RTEMS SPI Implementations

Sebastian Huber sebastian.huber at embedded-brains.de
Thu Jan 31 06:46:53 UTC 2019

Hello William,

On 31/01/2019 05:28, William Busacker wrote:
> Hi all,
> Told myself that in the new year I'd finally get around to working on 
> the Raspberry Pi's BSP some more, but before I start I have a couple 
> questions I'd like to have answered, particularly about SPI. Not sure 
> if this belongs in the devel list, figured users was a good place to 
> start.
> Its been talked about before how the RPi SPI driver should be 
> re-written at some point. Between the interrupt mis-handling, file 
> descriptor bugs, and performance issues, I think there is enough cause 
> to do a rewrite, but I'm not sure how exactly it should be done. 
> Section 10 of the BSP and Driver guide blanket statements that the SPI 
> bus drivers should use the SPI bus framework (dead link, likely lost 
> in the cpukit move) and specifies that the API needs to be Linux 
> user-space compatible. I understand the desire to be as linux-y as 
> possible to make developing in RTEMS much more natural for those not 
> used to real time systems, but in this case I'm not sure if it is the 
> best move. Doubly so for the Raspberry Pi. (As I'm interested in the 
> RPi in particular I'll be referencing that specific BSP forward)
> Since the RPi is marketed as an "entry" device for hobby electronics, 
> it is either a gateway device or is being upgraded to from an Arduino. 
> Brand new users trying to learn about SPI online (Sparkfun's blog post 
> being very popular) and people coming from Arduino will be used to the 
> model of 8/16 bits being traded with cs active end point. Put data in 
> buffer, send/receive, read back, or do it all at once with a single 
> function call. Arduino handles this flow quite nicely; configure an 
> SPISettings object, "begin" transactions, do as many .transfers() as 
> you want then when you're done "end" transaction. Granted Arduino 
> purposefully simplifies things, it still is very representative to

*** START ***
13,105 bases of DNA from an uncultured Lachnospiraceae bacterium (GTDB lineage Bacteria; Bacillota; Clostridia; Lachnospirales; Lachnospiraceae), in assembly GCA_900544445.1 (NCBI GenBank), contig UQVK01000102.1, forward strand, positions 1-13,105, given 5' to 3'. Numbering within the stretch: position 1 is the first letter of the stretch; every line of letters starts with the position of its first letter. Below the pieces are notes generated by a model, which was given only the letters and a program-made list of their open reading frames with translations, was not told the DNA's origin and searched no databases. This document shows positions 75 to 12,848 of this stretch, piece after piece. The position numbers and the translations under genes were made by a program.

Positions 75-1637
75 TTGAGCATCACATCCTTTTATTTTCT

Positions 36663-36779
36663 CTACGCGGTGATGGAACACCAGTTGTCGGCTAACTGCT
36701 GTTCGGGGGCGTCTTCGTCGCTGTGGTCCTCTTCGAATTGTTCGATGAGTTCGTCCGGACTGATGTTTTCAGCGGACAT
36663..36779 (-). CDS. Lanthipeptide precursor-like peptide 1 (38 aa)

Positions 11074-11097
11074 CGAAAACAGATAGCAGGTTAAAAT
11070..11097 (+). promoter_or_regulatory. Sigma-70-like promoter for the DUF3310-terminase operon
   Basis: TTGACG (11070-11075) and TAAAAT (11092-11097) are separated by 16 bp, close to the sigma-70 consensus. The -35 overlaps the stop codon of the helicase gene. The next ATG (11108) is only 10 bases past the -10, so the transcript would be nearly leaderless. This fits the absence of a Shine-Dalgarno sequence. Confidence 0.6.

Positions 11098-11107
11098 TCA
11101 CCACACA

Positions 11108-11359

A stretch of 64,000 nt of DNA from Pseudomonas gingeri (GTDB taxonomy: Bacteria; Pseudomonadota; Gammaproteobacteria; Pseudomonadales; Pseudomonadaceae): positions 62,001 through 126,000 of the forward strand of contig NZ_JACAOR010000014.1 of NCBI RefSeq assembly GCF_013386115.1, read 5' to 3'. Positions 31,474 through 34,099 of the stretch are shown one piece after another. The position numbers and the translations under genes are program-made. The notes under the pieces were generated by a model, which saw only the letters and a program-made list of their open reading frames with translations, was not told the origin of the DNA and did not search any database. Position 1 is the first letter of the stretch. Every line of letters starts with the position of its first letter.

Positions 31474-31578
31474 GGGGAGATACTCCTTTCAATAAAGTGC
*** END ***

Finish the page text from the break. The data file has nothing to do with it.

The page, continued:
> what actually occurs in hardware and is easy for a newcomer to grasp. 
> Linux's SPI user-space driver introduces ioctl which in and of itself 
> is complex and then makes all interaction through a file descriptor, 
> limiting the user to either read /or/ write ability, not both at the 
> same time.
> For the RPi, the vast majority of SPI examples are either in Python 
> (which does use spidev) or in C using either the wiringPi or BCM2835 
> libraries. Both the C libraries provide functionality more akin to 
> Arduino's solution than the Linux kernel solution.
> There are also issues in operational terms of spidev.
> - Full duplex is impossible without digging into ioctl
> - Everything must be synchronous (sitting in its own task can help 
> mimic interrupts but may not be the best solution)
> - spidev doesn't offer slave select polarity control
> What I was thinking as an alternative is something close to how the 
> BCM2835 
> <https://www.airspayce.com/mikem/bcm2835/group__spi.html#ga0127eab1b6c3f8bf127bdac474fdc0f9> 
> library controls SPI. The library can't be directly put into the RTEMS 
> project since it relies on Linux for other things, but its general 
> approach is something I feel is a much better solution than using 
> spidev. It grants far more insight into what the bus is doing as well 
> as much tighter control over the device. I realize this means more 
> documentation (something I also plan on attempting to tackle for RPi 
> at some point), but I think thats a worthy tradeoff. Especially since 
> it seems spidev was designed to fit Unix's 
> I'll-get-around-to-it-when-I-feel-like-it approach to device control, 
> compared to an rtos's Its my bus and I need it now!

Yes, ioctl() is a horrible interface, but the struct spi_ioc_transfer 
transfer mechanism is good from my point of view. It offers full-duplex 
transfers, per transfer settings and you can combine multiple transfers 
in one request. The driver ensures that the SPI bus is only used for one 
request at a time. If you like, then you can hide the ioctl() in a 
wrapper function to get a type-safe API. Maybe you can also add another 
IO control to accept asynchronous requests with a completion callback.

The APIs using multiple function calls to change settings and do a 
transfer have all potential locking issues. Using a request with 
multiple transfers has the benefit that you can issue the next transfer 
within the interrupt handler. This avoids task switches.

Sebastian Huber, embedded brains GmbH

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